Shaggy_C: Don't "just" study Computer Science; get two majors, in Computer Science and Finance, or CS and Marketing, or what have you. Even better if you can get multiple degrees. A BA in Communications is a nice degree, but you need to team it up with a BS in Marketing and suddenly you're a hot commodity on the job market. Doubling up costs you relatively little in the short term other than time (I triple majored and got a BS and BA in undergrad, and only needed one summer semester with three classes to pull it off) but pays major dividends in the long run.

Add in a solid internship and you will be well on your way to a high paying first job.


My suggestion would be to spend time to be a good programmer. That will get you far in the industry.
 
2022-10-03 3:55:38 PM  

Shaggy_C: What American kids need to understand in the modern, global economy, they are competing against people in other countries where education is fully subsidised by the state. In other words, the "bare minimum" is no longer going to be a bachelor's degree, but multiple bachelor's or even a master's for many jobs where there is global talent available. As such, I highly recommend diversifying - double or triple major in undergrad so you have a plethora of options available and can stand out with an employer.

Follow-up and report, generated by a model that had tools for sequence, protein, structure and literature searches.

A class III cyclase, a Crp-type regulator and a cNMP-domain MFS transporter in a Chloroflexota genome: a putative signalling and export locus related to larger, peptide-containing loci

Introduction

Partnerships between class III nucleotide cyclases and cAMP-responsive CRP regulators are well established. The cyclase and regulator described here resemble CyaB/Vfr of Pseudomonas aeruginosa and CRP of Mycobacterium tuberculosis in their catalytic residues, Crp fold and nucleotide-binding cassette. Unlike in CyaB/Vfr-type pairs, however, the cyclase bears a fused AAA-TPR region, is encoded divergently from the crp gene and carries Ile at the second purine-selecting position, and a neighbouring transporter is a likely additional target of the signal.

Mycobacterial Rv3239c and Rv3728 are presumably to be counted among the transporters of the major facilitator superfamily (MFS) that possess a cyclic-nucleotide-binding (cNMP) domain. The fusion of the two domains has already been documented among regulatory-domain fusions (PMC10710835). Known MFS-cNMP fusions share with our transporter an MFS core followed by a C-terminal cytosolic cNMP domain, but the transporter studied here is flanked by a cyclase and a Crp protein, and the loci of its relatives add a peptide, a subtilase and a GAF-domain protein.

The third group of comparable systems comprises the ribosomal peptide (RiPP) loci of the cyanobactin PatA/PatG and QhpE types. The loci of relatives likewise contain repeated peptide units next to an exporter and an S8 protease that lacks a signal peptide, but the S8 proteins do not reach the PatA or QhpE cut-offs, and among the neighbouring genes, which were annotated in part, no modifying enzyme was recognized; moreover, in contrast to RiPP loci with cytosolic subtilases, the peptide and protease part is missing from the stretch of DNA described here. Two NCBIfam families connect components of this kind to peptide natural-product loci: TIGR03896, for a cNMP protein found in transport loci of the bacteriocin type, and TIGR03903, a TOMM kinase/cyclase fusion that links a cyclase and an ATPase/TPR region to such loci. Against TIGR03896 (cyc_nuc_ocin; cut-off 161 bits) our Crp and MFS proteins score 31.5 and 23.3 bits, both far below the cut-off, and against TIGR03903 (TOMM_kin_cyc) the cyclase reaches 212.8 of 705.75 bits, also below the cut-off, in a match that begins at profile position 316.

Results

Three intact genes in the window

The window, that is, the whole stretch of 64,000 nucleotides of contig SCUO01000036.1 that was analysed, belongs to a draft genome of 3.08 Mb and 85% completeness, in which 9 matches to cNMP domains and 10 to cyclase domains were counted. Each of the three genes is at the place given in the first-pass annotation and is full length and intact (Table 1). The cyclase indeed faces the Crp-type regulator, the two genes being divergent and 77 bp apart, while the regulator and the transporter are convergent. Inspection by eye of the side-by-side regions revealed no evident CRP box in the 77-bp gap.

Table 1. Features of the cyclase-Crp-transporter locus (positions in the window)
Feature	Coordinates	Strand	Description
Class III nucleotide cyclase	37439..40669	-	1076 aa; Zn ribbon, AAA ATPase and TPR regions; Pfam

Don't "just" study Computer Science; get two majors, in Computer Science and Finance, or CS and Marketing, or what have you. Even better if you can get multiple degrees. A BA in Communications is a nice degree, but you need to team it up with a BS in Marketing and suddenly you're a hot commodity on the job market. Doubling up costs you relatively little in the short term other than time (I triple majored and got a BS and BA in undergrad, and only needed one summer semester with three classes to pull it off) but pays major dividends in the long run.

Add in a solid internship and you will be well on your way to a high paying first job.


Yeah, let's turn a blind eye at the multiple times schools in India and China were outed due to rampant cheating scandals.  The multiple degrees idea is more like watered down education.
 
2022-10-03 3:56:45 PM  
Looks at my MFA in Creative Writing.  Cries.
 
2022-10-03 3:58:13 PM  
Judging by the question queue on Stack Overflow, I don't think my ancient CS degree is at risk of much competition.
 
2022-10-03 4:04:10 PM  

pearls before swine: Define useful.  Sitting at the bar watching Jeopardy, the plumber at the end of the bar shouting out all the answers definitely has a degree in something.  Not everyone is looking to get ahead in business.